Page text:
Baptist Minister and Scholar Writes a Solid Piece on Limits of Religious Liberty May 27, 2020

Baptist Minister and Scholar Writes a Solid Piece on Limits of Religious Liberty

When it comes to COVID caution, Curtis Freeman is on our side. Which is a little unexpected, because he’s not a Unitarian Universalist or a member of the United Church of Christ or an Episcopalian. He’s an ordained Baptist minister and a research professor at Duke University Divinity School.

That didn’t inspire confidence. Baptists, especially Southern Baptists, tend to be rigid, demonstratively devout, and doctrinarian to a fault. But not all Baptists feel the same. The BJC — the Baptist Joint Committee for Religious Liberty — is strongly in favor of church/state separation and has worked with secular groups to achieve that goal. Freeman falls in that camp, if this brief article of his in North Carolina’s News & Record is anything to go by.

Religious liberty, Freeman argues, is a right, but it shouldn’t be a cudgel.

The First Amendment to the U.S. Constitution protects the religious liberty of all Americans. … Yet, liberty is not license. That point seems lost on the “Return America” protesters and in the recent ruling by the U.S. District Court for Eastern North Carolina. Churches in the state are now permitted to open their doors despite the governor’s warning that they risk spreading the coronavirus.

No bueno, says Freeman, who wants people to “exercise caution, and to ensure the reopening of religious services [goes] according to safety protocols.” That doesn’t impinge on anyone’s rights. Religious liberty, Freeman points out, has always had its limits.

For example, the right of parents to practice a faith that refuses medical care in favor of divine healing does not unconditionally extend to their minor children. Polygamous marriages are not legal nor are interracial unions illegal, religious traditions notwithstanding. These cases serve as reminders that religious liberty in American society always has been subject to regulation.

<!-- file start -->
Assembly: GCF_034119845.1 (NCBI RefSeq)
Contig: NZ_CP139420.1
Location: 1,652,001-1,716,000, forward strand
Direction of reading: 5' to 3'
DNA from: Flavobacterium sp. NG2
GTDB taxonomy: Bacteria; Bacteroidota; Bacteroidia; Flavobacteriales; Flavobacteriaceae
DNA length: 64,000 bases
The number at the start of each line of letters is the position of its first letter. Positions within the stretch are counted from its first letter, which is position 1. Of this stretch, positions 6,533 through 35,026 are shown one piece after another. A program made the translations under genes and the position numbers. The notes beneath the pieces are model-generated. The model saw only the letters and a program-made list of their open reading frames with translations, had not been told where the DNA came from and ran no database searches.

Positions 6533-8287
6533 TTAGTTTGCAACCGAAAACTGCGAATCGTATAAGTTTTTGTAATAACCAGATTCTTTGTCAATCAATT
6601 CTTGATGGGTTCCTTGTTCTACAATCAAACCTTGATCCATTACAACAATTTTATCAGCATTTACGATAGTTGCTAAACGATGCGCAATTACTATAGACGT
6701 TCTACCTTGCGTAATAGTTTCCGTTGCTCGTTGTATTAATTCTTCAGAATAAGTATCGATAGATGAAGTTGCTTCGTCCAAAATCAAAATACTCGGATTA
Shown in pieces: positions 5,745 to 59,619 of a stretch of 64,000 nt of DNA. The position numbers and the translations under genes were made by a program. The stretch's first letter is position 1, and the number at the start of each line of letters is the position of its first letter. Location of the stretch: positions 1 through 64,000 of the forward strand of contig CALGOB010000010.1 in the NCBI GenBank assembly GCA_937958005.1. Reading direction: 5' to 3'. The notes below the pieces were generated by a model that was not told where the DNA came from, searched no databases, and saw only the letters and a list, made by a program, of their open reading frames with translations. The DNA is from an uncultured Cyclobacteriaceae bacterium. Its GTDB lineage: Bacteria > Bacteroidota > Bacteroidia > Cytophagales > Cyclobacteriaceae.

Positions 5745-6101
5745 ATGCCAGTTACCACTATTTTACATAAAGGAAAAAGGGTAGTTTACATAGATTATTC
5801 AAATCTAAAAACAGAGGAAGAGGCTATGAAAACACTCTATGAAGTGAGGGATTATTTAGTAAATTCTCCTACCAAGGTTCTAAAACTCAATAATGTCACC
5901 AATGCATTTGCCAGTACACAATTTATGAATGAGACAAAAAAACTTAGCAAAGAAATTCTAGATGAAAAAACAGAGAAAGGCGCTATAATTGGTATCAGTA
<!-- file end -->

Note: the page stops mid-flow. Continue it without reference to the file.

It follows that

The First Amendment ensures religious groups with the freedom of peaceable assembly, but because church gatherings across the country have been identified as significant sources for community transmission of the coronavirus it is not unreasonable for the governor to act in the interest of public safety.

The best part:

The “Return America” protesters betray a fundamental misunderstanding of religious liberty in still another way. They presume that their right to worship the way they choose is greater than their responsibility to love their neighbors. Following a reasonable plan for public safety is not a violation of religious liberty. It is a way of loving our neighbors.

At the recent “Return America” protests in Raleigh, participants did not observe social distancing guidelines nor did they wear protective masks. It is understandable to question whether these same people will abide by recommendations for safe indoor gatherings. Religious liberty as put forth in the First Amendment is a shield for protecting all, not a sword for injuring others.

Not a sword for injuring others. I like that. Read it all.

(Image via Shutterstock)


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